Guest Post by Bascomb James
Alien life-forms and encounters with extra-terrestrial beings have been an important part of science fiction writing since the inception of the genre. During the pulp fiction era, most aliens were world ravagers and mortal adversaries. Thoughtful alien stories didn’t come into their own until the end of John W. Campbell’s tenure as editor of Astounding Science Fiction. In his famous dictum to his writers, Campbell exhorted them to “Write me a creature that thinks as well as a man, or better than a man, but not like a man.” Campbell’s dictum has some merit, but to be truly believable, an alien culture must exist within a logical and consistent world as “Starship Down” does. The planet’s native population certainly doesn’t think like humans on most matters.
“Starship Down” first appeared in the October 2008 issue of Analog Science Fiction and Fact where it won an Analytical Laboratory (AnLab) Award. AnLab is the annual readers’ poll to determine the favorite stories, articles, and cover art published each year in Analog Magazine. “Starship Down” was chosen as the best Analog story of 2008.
Tracy Canfield is a computational linguist from Indiana whose fiction has appeared in numerous magazines, including Analog, Strange Horizons, and Fantasy Magazine. In her biography, Tracy notes that she is the voice on the Klingon audio tour at Australia’s Jenolan Caves and CNN called her a “Klingon scholar.” You can read more about Ms. Canfield by visiting her website TracyCanfield.com.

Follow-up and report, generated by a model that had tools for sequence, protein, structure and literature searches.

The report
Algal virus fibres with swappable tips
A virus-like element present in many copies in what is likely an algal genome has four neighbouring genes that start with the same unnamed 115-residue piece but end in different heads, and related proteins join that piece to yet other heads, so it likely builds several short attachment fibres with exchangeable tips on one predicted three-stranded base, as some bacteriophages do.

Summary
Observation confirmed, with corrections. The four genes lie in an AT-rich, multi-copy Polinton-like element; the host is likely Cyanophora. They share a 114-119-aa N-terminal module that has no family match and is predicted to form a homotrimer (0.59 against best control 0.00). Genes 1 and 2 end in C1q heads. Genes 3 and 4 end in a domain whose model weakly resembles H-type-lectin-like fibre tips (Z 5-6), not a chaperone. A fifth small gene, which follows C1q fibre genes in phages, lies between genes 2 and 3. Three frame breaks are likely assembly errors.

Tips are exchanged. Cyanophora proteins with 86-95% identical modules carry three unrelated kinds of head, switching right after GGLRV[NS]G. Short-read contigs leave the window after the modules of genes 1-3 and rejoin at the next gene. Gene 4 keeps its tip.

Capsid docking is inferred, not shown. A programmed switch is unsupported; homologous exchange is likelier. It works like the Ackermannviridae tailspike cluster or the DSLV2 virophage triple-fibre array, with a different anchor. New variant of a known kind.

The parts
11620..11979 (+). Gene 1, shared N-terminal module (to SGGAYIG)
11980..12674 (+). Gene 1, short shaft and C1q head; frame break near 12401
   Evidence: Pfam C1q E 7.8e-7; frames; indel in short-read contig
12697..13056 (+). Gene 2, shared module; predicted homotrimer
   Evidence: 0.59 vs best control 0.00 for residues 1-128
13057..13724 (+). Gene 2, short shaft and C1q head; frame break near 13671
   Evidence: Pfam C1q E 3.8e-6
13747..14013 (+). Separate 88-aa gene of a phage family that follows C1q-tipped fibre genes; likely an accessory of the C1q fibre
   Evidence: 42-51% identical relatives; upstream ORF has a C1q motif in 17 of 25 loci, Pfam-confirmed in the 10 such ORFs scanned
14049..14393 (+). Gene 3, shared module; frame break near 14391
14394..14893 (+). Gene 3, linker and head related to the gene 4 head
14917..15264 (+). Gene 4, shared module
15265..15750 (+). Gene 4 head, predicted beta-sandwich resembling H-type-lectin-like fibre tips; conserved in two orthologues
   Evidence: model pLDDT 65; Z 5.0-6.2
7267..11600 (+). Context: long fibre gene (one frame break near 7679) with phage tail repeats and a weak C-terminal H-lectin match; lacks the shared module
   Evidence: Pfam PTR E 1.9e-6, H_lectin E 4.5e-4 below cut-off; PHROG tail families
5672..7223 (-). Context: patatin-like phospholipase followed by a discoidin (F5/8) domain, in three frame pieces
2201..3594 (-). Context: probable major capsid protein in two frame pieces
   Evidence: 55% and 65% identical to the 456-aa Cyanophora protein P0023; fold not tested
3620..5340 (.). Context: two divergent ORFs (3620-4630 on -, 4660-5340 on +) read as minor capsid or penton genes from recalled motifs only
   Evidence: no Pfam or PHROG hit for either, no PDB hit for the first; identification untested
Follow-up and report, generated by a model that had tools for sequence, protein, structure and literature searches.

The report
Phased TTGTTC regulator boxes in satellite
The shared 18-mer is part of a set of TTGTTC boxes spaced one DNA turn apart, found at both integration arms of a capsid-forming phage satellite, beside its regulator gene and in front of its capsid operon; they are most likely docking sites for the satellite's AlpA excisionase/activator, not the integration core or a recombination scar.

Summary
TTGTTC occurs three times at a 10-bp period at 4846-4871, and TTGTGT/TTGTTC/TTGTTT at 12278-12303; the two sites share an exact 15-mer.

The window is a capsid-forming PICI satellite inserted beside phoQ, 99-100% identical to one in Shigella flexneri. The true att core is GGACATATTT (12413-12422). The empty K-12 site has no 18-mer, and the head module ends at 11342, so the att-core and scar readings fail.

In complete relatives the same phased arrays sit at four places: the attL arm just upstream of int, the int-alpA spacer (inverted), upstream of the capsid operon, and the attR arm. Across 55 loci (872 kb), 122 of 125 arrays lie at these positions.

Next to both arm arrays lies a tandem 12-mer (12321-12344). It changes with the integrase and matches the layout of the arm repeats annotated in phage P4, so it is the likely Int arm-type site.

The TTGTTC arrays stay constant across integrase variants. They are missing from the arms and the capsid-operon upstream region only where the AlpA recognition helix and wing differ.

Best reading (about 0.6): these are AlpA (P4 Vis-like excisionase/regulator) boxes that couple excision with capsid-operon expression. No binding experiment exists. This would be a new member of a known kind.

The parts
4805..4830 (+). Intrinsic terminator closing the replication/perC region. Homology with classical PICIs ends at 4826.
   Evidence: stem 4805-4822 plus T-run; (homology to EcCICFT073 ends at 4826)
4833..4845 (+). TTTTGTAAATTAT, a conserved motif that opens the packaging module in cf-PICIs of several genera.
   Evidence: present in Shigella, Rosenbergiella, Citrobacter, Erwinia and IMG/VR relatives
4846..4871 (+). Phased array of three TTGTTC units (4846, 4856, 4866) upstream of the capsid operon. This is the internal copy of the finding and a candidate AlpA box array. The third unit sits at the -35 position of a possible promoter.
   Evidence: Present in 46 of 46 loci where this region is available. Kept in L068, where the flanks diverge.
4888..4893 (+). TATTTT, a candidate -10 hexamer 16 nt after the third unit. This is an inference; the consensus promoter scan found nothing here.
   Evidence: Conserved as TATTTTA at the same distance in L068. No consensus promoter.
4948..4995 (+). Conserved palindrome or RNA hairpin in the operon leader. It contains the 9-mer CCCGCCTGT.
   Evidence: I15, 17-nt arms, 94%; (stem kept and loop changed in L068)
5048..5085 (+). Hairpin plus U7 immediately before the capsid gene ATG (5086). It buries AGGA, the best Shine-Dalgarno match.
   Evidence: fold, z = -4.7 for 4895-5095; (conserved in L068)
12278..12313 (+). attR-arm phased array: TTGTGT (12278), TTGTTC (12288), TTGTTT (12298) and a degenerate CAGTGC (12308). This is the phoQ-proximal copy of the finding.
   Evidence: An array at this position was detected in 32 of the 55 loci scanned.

The mobile medstation doorlight buzzed, and Okalani Yee opened the door without setting the viewscreen to the outside camera feed. It was a bunny, of course. The nearest non-bunny was at Aoi Station, currently six hundred kilometers away.
“A bunny tripped by the orchard wall and broke its ankle,” said the visitor. Bunnytongue had no greetings.
“How far away?”
The bunny spoke a single word, which the translator bud in Yee’s ear rendered as “Two to six kilometers.”
“Wait a minute.” Yee grabbed the medkit and pulled on a lightweight mask with a portable aerator that clipped on her belt. The Myosotis atmosphere was breathable enough—a bit high in CO2, a trifle light in O2—but on long brisk walks she preferred to breathe Earthmix. The mask was comfortable. With the temperature and humidity regulation, she’d forget she was wearing it.
Read the full story in Far Orbit: Speculative Space Adventures
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